We are very grateful for the support, at all levels, we receive from our community.
While we understand that not all past students will be able to contribute, if you are fortunate to be in a position to, and St Margaret's has served you well, we gratefully welcome your participation through a tax-deductible donation through the St Margaret's Foundation Building Fund.
We also recognise that some of our past students may prefer to make a donation online to the Scholarship Fund to support students who may not otherwise have access to a St Margaret’s education. In keeping with the school’s mission and values, and the legacy of the Sisters of the Society of the Sacred Advent, we are committed to assisting families who need financial assistance.
If you have an enquiry about making a gift, please contact our Director of Philanthropy and Stakeholder Engagement, Lara Pickering, by calling
(07) 3862 0884 or email email@example.com.
Sport has long played a significant role in the lives of St Margaret’s girls and sporting participation is a hallmark of a St Margaret’s education.
The St Margaret’s sports uniform has certainly changed with the times over the years.
In 1908 St Margaret’s (known then as the Eton High School) was one of the three founding schools of the Queensland Girls Secondary School Sports Association. In the early years, teams competed in the sports of tennis and netball. St Margaret’s also had rowing crews.
St Margaret’s enforced a compulsory sports dress for netball and tennis in 1911. Just a few years later a new and less constricting style was introduced.
… Sports dress will be a tunic of dark blue cambric to the knees, with the school badge embroidered in white to the right of the left shoulder strap; plain blouse of white trebalco with square collar and sleeves to the elbow, brown stockings and white shoes. The Link 1918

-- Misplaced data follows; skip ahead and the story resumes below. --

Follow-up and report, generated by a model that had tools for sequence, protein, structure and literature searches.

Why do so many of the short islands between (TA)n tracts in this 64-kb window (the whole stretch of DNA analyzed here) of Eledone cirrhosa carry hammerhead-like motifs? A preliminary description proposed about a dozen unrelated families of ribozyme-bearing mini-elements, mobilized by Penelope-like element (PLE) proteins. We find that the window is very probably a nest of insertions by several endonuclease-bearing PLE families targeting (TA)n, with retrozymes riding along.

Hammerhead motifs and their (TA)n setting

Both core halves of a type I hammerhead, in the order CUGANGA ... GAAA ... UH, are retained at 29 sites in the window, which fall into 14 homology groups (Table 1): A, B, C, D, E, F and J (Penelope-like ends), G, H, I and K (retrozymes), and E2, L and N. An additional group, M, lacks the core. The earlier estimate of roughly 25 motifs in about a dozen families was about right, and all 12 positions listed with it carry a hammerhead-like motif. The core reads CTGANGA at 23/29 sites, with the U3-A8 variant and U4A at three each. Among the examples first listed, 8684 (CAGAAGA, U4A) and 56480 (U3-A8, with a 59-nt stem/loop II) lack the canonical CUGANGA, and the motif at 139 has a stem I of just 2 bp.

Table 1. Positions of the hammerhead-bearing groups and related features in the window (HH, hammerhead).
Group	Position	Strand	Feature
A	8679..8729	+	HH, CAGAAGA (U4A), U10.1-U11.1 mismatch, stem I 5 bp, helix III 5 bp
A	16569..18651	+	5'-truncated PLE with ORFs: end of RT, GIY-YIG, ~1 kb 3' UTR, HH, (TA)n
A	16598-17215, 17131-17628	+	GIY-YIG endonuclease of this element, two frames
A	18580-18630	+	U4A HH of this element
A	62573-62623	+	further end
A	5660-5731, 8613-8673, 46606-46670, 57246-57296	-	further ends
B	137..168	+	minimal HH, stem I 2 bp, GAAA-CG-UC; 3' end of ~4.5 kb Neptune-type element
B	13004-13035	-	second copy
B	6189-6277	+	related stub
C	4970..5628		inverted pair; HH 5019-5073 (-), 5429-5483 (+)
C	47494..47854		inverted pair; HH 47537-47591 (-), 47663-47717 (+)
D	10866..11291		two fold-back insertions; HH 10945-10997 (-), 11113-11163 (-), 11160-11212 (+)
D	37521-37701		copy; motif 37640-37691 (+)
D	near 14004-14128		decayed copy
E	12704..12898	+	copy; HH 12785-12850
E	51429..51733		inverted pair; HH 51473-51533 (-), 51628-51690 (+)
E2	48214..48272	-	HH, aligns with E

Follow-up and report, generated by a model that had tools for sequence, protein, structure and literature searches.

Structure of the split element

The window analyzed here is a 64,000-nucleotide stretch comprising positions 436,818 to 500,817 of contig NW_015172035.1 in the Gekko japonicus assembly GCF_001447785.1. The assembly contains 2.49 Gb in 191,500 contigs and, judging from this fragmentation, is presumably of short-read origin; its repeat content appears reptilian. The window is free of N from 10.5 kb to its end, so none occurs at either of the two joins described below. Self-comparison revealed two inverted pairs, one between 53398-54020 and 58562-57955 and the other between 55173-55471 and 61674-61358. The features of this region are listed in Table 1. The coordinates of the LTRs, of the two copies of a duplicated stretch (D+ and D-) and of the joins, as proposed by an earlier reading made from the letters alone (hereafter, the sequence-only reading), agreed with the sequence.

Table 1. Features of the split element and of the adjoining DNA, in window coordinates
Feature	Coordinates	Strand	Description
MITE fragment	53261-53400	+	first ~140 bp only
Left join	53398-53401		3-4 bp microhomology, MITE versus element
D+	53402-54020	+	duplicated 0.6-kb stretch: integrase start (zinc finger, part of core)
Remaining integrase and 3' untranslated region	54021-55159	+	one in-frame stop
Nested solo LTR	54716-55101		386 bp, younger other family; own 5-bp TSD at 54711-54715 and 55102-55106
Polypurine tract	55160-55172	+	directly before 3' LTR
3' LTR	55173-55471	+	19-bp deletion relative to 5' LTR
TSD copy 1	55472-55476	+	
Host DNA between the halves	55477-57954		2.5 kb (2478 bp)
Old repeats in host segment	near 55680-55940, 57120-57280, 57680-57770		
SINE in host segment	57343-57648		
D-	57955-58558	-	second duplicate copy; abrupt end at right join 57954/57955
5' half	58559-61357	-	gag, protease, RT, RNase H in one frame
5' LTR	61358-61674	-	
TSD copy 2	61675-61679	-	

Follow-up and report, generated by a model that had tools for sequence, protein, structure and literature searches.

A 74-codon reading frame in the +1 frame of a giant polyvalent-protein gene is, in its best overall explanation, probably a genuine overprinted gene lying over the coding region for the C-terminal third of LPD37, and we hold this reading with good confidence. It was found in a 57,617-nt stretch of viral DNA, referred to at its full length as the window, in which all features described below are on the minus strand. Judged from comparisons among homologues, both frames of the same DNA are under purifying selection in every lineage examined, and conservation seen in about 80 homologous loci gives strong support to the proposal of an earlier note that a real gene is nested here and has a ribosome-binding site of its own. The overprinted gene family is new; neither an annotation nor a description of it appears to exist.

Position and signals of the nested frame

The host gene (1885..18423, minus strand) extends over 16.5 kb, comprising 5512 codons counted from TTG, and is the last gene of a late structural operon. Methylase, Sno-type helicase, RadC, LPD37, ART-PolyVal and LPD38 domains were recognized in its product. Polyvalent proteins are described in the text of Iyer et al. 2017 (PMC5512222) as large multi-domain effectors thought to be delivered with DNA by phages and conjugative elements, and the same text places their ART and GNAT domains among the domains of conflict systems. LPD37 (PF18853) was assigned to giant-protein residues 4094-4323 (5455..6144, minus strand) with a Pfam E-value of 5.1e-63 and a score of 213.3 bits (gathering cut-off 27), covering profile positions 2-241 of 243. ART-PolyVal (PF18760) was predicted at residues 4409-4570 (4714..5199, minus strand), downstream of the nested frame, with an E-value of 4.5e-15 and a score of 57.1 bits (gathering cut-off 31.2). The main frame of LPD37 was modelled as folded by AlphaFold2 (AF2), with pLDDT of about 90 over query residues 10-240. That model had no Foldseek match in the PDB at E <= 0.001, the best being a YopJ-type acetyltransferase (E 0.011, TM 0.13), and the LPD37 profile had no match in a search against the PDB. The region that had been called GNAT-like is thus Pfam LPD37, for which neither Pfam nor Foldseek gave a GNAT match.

The ‘gym tunic’ – which comprised of a navy box pleated tunic, white blouse, brown belt and the dreaded navy bloomers – were worn by St Margaret’s girls up until the 1970s. Sleeves were shortened, socks replaced stockings and white sandshoes were changed to brown; however, the sports uniform remained basically the same.
1927 tennis 1944 tennis
Traditionally, tennis players always played in white, so their uniforms were different,
Throughout the 1940s and 1950s, athletics, swimming, netball, lifesaving and tennis were the only sports contested by the girls’ schools. As new sports were introduced, the tunic proved impractical and was replaced by a simpler uniform. However, during the war years, some changes needed to be made to training and facilities used. For example, swimming was cancelled completely in 1942 and for the duration of the war due to water restrictions.